In 2006, Bangladesh was supported with $36.9 million USD from the Global Fund to support national malaria control program. As a result, a number of interventions have been introduced, including early diagnosis and treatment, distribution of long-lasting insecticide treated bed nets (LLINs) among 80% of households in endemic districts, re-treatment of insecticide-treated nets (ITNs) in 40% of households, enhanced vector surveillance and control, and an updated record keeping system. In 2008, a total of 568,661 nets were re-treated and 1,199,987 LLINs were distributed [4]. This project is now at the mid-stage and will continue until the end of 2012. A study to evaluate the effects of malaria control in Rajasthali, a sub-district with the highest prevalence (36%) in the 2007 survey, indicated that LLIN distribution (>90%) and the re-treatment of ITN (>40%) exceeded target goals by 2009, although the treatment seeking strategies by local peoples remained challenging: approximately a half of the population used drug venders for treatment of malaria-associated fever [6].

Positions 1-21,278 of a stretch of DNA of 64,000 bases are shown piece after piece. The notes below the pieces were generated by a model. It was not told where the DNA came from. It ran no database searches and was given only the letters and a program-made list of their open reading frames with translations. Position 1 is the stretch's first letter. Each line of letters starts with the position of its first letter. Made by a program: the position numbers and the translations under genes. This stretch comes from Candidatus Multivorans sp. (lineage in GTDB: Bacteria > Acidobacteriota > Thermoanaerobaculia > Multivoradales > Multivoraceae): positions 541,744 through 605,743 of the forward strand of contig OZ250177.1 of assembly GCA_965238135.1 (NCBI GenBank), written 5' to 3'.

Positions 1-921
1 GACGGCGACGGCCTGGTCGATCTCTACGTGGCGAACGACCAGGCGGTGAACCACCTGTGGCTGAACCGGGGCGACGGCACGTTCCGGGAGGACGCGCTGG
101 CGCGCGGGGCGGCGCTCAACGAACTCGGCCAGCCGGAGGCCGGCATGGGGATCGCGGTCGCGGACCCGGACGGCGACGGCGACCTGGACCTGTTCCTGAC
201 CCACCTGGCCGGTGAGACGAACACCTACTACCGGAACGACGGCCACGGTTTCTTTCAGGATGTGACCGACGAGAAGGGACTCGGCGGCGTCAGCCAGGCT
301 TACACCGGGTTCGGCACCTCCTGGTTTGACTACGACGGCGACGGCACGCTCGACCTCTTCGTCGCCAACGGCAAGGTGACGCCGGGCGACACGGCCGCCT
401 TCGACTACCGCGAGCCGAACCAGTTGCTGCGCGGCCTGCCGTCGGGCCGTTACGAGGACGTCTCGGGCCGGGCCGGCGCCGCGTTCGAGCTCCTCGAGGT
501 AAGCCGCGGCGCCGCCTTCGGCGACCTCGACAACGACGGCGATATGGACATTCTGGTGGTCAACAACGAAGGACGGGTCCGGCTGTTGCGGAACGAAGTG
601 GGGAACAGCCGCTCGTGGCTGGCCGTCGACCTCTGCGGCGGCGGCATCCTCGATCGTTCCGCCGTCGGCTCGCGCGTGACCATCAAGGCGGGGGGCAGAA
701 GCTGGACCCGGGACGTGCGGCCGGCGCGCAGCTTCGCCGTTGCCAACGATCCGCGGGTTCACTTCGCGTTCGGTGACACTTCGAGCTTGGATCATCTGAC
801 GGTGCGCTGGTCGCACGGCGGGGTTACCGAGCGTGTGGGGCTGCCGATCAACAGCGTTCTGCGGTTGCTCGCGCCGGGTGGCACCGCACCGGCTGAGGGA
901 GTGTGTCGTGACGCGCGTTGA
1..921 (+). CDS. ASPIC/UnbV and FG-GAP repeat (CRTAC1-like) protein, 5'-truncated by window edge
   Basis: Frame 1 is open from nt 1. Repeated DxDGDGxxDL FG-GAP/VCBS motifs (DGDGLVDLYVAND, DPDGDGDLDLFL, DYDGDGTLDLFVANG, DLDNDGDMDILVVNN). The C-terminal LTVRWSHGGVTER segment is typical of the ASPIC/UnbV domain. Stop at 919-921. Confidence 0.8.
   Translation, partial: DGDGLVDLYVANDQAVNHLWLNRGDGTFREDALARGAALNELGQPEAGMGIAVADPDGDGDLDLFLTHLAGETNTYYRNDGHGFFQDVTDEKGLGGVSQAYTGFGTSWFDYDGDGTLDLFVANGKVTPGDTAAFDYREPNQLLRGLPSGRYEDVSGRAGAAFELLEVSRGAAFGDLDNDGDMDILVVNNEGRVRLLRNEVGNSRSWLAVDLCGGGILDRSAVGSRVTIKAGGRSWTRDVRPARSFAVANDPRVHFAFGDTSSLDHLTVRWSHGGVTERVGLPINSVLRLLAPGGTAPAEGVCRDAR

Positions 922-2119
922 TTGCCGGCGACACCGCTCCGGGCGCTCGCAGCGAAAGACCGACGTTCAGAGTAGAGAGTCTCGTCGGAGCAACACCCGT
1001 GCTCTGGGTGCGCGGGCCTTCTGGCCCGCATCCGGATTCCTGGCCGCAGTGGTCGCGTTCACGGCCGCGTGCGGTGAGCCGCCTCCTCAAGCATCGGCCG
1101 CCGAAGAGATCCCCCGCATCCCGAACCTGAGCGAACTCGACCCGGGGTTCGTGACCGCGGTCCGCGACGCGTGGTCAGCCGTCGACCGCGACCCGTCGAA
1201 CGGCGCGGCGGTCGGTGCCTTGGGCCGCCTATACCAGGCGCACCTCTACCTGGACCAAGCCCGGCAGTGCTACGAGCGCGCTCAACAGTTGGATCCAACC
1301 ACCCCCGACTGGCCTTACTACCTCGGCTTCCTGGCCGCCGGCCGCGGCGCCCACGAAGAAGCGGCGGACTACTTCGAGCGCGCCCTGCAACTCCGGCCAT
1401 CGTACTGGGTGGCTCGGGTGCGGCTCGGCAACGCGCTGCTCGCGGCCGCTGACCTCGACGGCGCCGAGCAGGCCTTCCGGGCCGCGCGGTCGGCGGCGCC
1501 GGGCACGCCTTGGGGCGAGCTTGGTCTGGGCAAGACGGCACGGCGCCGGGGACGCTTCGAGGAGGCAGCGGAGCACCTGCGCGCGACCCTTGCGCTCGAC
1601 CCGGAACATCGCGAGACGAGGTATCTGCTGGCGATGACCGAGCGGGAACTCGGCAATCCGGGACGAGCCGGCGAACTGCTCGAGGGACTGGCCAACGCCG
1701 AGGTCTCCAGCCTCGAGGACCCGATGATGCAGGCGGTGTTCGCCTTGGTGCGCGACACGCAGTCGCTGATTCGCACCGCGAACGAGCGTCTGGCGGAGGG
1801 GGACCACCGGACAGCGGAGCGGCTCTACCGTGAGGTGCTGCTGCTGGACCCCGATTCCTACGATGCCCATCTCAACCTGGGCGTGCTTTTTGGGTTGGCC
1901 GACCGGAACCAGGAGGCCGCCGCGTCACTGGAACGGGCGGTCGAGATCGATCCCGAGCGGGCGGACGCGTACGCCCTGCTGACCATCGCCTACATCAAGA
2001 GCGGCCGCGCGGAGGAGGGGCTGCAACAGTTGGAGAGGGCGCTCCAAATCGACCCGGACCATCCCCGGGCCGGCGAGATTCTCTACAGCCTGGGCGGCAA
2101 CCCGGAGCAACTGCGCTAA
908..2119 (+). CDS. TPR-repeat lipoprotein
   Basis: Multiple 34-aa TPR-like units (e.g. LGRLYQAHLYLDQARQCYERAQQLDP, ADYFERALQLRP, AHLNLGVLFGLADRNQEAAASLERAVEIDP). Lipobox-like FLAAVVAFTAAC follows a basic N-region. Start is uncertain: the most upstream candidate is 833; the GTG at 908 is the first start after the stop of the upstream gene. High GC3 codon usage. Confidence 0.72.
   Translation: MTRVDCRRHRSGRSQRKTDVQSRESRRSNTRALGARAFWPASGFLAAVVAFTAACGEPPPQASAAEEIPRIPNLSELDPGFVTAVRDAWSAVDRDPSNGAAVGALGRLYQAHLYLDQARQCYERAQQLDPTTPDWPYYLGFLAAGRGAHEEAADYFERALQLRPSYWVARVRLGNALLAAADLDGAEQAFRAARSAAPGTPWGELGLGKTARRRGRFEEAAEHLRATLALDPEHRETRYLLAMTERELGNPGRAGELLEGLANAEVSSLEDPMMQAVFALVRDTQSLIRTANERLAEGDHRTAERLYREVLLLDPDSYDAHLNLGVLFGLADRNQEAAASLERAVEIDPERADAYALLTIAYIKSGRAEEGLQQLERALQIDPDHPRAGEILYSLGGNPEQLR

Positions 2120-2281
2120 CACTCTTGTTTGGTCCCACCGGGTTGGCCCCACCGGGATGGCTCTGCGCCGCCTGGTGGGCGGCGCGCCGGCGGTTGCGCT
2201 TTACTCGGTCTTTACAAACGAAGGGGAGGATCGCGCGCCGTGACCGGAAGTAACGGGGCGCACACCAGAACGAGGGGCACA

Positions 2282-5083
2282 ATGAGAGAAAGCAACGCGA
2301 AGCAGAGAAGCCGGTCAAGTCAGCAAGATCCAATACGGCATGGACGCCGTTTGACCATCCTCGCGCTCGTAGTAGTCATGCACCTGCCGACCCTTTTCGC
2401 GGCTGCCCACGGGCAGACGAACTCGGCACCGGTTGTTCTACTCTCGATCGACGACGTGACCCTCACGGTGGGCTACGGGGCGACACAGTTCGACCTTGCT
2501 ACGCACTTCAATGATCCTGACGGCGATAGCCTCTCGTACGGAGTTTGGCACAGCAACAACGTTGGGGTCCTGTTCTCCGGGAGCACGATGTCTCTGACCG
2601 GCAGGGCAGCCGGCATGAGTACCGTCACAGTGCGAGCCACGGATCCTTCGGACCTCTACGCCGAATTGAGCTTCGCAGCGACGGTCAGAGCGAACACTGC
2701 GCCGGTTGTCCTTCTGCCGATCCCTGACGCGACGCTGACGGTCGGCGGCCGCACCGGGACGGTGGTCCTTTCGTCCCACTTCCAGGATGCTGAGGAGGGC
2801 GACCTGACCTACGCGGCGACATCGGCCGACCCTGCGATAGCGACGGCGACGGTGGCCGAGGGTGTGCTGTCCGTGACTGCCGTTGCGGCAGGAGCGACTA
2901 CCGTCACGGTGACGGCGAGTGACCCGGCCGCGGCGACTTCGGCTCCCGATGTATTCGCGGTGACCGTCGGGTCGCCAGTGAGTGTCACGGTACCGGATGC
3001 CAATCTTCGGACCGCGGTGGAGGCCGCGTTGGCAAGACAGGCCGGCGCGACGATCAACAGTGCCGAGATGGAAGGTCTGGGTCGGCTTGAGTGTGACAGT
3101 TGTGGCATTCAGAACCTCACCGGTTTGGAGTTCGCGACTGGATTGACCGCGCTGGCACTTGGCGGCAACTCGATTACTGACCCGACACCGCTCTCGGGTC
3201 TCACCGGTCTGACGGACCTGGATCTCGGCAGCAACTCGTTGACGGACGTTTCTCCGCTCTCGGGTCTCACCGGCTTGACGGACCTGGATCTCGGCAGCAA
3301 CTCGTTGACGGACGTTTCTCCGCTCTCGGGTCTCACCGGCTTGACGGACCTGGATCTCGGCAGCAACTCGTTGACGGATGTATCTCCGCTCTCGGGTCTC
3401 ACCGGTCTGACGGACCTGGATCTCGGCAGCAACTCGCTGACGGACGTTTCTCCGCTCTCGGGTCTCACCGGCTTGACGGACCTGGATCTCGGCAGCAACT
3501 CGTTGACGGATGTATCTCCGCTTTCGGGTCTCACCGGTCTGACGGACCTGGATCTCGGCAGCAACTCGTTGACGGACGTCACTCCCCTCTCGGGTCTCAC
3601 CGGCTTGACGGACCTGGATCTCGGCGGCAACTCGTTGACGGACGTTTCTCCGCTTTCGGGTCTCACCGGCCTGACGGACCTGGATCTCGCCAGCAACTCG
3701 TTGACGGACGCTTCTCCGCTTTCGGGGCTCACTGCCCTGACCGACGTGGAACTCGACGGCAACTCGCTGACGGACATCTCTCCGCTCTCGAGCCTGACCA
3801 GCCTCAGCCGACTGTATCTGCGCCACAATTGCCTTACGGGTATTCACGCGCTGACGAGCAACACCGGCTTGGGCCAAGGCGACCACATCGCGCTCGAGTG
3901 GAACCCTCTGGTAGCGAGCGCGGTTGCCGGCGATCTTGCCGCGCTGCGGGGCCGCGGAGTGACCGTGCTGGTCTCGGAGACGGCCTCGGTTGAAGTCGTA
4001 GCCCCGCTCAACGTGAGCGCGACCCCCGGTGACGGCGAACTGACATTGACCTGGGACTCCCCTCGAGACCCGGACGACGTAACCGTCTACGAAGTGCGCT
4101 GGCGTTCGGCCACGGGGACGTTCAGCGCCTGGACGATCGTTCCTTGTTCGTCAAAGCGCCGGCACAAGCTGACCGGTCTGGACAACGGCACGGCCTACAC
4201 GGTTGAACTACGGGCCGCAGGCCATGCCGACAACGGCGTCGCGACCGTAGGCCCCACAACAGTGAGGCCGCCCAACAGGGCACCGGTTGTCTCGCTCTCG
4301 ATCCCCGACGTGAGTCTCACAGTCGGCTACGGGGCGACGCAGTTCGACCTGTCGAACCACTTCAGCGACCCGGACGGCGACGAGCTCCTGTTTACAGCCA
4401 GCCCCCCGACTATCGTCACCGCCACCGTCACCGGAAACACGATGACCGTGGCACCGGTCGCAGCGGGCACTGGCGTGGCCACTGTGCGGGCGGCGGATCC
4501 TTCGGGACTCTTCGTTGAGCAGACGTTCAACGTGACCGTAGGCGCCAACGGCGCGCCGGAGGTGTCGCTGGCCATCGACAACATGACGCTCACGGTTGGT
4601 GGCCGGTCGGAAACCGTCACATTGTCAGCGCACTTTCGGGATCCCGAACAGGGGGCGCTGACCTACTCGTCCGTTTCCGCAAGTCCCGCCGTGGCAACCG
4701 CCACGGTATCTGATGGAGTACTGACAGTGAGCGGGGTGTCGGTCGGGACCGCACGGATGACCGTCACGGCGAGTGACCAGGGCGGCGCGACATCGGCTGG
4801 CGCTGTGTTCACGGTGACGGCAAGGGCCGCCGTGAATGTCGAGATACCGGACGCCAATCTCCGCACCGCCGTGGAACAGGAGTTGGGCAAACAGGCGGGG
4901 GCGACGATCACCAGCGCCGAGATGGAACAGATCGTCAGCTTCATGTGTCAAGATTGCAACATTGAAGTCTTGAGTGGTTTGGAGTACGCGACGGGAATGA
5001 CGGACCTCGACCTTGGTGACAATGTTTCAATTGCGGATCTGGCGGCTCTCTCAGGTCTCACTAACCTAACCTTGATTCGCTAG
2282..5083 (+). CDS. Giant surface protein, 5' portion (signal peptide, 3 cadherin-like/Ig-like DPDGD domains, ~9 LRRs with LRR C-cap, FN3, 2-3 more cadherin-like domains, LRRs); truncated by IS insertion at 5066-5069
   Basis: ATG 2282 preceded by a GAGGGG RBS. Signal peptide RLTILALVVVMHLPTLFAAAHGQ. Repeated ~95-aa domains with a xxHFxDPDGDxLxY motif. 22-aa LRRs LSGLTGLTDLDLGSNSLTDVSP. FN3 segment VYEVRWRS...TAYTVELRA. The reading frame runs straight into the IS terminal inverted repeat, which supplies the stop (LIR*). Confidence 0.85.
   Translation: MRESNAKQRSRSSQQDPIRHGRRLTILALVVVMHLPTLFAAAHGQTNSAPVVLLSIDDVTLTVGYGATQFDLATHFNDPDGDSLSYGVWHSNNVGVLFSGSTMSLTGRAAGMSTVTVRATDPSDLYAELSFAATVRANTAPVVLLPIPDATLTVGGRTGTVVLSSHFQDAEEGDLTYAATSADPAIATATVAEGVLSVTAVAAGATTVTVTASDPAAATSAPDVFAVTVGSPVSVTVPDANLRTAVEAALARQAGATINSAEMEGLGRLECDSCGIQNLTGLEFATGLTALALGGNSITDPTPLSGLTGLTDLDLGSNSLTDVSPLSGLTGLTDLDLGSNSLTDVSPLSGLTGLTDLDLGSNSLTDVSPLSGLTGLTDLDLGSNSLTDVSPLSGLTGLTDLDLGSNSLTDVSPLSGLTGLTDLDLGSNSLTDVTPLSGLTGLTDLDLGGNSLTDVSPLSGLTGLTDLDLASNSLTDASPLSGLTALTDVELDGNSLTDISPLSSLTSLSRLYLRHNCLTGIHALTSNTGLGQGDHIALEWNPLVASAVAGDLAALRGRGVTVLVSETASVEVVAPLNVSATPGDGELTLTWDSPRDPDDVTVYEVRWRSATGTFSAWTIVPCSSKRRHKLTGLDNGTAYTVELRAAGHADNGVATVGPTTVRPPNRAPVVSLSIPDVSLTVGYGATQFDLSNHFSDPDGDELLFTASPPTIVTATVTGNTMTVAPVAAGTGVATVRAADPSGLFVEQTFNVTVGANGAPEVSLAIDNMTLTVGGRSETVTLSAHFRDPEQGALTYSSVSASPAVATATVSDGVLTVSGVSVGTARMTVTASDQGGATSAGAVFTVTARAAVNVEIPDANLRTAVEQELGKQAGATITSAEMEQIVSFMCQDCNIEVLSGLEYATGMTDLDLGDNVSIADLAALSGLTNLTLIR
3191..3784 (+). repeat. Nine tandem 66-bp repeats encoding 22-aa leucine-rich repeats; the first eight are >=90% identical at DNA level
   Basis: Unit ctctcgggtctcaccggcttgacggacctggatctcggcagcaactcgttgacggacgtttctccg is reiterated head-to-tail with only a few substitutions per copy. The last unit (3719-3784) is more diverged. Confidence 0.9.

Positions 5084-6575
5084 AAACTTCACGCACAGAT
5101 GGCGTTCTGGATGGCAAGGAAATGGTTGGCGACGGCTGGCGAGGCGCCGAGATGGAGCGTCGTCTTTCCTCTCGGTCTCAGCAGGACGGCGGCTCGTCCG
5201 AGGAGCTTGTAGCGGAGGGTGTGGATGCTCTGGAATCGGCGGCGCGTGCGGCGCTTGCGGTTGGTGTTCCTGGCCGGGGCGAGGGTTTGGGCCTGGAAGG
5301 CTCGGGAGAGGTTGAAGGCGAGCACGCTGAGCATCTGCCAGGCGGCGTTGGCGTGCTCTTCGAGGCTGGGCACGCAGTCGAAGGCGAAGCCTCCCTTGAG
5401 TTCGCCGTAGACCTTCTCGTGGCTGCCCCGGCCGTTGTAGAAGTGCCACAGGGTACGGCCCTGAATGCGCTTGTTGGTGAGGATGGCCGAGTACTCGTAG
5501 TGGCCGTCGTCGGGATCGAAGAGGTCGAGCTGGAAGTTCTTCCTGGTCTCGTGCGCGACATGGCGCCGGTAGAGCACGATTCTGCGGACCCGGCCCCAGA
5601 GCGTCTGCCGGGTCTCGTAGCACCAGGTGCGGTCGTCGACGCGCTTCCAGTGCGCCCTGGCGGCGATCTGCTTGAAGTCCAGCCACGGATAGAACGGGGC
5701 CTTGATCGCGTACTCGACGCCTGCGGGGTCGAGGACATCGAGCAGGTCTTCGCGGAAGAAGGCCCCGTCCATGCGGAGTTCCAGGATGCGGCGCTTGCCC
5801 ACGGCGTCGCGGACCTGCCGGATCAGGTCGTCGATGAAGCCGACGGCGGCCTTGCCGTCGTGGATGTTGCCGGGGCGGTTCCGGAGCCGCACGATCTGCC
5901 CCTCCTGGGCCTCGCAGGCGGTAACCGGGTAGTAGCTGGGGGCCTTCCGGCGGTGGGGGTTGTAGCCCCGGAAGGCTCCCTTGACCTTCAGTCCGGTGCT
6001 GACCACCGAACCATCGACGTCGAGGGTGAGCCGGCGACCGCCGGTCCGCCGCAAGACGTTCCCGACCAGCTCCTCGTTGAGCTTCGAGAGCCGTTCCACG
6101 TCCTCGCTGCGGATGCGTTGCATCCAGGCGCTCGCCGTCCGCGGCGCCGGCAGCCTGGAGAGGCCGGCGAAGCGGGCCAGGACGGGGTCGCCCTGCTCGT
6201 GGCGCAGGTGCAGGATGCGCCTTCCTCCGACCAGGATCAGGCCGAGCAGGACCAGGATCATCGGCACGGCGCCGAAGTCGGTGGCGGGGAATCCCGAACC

This study was undertaken to identify the environmental and socio-economic risk factors and their geographical patterns. The goal was to help us design cost-effective strategies for further malaria control.

Results

Characteristics of the study population